Sunday, November 11, 2018

Review - A Hen for Izzy Pippik

A Hen for Izzy Pippik
by Aubrey Davis
illustrated by Marie Lafrance
Date: 2012
Publisher: Kids Can Press
Reading level: C
Book type: picture book
Pages: 32
Format: e-book
Source: library

When Shaina finds a magnificent hen, she knows that Izzy Pippik, the hen's owner, is sure to return for her. In the meantime, Shaina decides she will care for the animal. But when dozens of eggs hatch and rowdy chickens scatter throughout the village, Shaina must fight the entire town if she has any hope of protecting the birds. Inspired by Jewish and Islamic traditional texts, this is a beautiful tale about doing the right thing, even in the face of adversity.

(synopsis from Goodreads)

I didn't like this one much. The illustrations are probably the strongest part; the story didn't impress me at all.

A little girl named Shaina, unemployed due to a downturn in the economy (why is this book promoting child labour?), finds a hen and a crate with the owner's name on it. She convinces her mother and grandfather to let her keep the hen in the house until the owner, Izzy Pippik, comes back to claim her. Of course, the stupid bird goes and has a whole bunch of babies, and the house is soon overrun by chickens (why is this book promoting irresponsible animal husbandry?); I don't blame the mother at all for wanting all those crapping, squawking birds out of her house. Soon, the birds multiply and overrun the town, and the people complain... until, of course, it benefits them by stimulating the economy (why is this book promoting a town covered in chicken droppings as a tourist attraction?). Of course, Izzy Pippik finally returns, and (of course) he lets Shaina keep the hen... at which point, the girl bursts into tears; she's been so obsessed with doing the "right" thing that she can't even appreciate it when Izzy gives her a gift.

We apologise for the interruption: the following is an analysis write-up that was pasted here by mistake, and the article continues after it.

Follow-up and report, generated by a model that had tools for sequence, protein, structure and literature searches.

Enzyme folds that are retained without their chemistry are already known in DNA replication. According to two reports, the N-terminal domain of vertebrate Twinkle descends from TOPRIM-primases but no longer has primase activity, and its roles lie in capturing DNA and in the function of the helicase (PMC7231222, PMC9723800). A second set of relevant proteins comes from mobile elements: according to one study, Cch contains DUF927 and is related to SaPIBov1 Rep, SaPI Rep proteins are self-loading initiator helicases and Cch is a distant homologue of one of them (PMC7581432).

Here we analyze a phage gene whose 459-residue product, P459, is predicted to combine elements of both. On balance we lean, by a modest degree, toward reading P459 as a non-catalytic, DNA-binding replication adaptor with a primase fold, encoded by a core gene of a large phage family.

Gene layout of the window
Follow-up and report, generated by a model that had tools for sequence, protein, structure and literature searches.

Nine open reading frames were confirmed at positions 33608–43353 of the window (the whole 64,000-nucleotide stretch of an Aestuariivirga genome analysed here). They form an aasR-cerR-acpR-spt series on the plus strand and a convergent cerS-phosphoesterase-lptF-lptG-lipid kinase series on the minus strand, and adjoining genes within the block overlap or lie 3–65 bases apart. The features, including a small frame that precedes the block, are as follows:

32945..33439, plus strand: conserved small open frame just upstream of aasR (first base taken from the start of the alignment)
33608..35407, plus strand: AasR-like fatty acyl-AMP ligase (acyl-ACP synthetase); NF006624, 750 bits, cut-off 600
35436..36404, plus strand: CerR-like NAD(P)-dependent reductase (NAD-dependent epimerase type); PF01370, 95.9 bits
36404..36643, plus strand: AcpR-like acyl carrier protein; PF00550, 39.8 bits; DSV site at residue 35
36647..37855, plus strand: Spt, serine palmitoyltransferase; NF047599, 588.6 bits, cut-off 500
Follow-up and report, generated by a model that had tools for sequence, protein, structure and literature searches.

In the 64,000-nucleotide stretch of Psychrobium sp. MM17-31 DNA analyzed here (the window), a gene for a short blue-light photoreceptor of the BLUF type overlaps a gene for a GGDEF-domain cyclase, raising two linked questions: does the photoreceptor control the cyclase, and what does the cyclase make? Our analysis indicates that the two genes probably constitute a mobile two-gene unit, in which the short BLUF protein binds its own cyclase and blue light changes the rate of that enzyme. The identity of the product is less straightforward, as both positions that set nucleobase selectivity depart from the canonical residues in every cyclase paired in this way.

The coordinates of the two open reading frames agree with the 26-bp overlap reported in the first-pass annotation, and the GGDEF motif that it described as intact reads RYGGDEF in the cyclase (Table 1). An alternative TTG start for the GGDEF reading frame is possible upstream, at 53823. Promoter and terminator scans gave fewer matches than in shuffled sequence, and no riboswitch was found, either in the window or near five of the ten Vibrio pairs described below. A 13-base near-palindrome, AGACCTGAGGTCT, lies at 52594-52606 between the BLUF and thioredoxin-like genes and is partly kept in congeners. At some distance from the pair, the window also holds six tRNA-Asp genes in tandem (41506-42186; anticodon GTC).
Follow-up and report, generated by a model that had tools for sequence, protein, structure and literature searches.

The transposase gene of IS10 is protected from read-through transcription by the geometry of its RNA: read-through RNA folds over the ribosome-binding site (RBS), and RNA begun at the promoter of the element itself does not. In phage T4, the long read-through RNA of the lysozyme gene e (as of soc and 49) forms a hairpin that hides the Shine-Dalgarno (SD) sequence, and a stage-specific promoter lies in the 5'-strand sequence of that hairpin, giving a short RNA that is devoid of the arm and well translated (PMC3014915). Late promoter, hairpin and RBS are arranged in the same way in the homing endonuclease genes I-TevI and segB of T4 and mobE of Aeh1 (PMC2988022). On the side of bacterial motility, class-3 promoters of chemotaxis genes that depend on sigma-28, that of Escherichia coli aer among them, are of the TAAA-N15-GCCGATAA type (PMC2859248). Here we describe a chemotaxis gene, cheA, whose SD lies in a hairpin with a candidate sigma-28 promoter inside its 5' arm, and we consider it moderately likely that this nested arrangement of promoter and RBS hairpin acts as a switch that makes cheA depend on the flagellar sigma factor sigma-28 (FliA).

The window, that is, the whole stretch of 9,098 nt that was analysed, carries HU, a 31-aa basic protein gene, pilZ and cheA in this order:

On top of all that, this is one of those books that likes to use words like "frowned" and "sneered" as dialogue tags. Sorry... but that's an instant loss of a star from me. I've come to expect it in novels (unfortunately), but I absolutely loathe seeing it in children's books. How are we teaching children proper sentence structure and grammar if their books are filled with such errors?

Check this one out for the pictures, but don't expect too much from the story (which also seemed a bit long for a picture book; there's quite a bit of text on every page, so it would take a while to read out loud).

Quotable moment:

Premise: 3/5
Meter: n/a
Writing: 2/5
Illustrations: 3/5
Originality: 2/5

Enjoyment: 1/5

Overall: 2 out of 5

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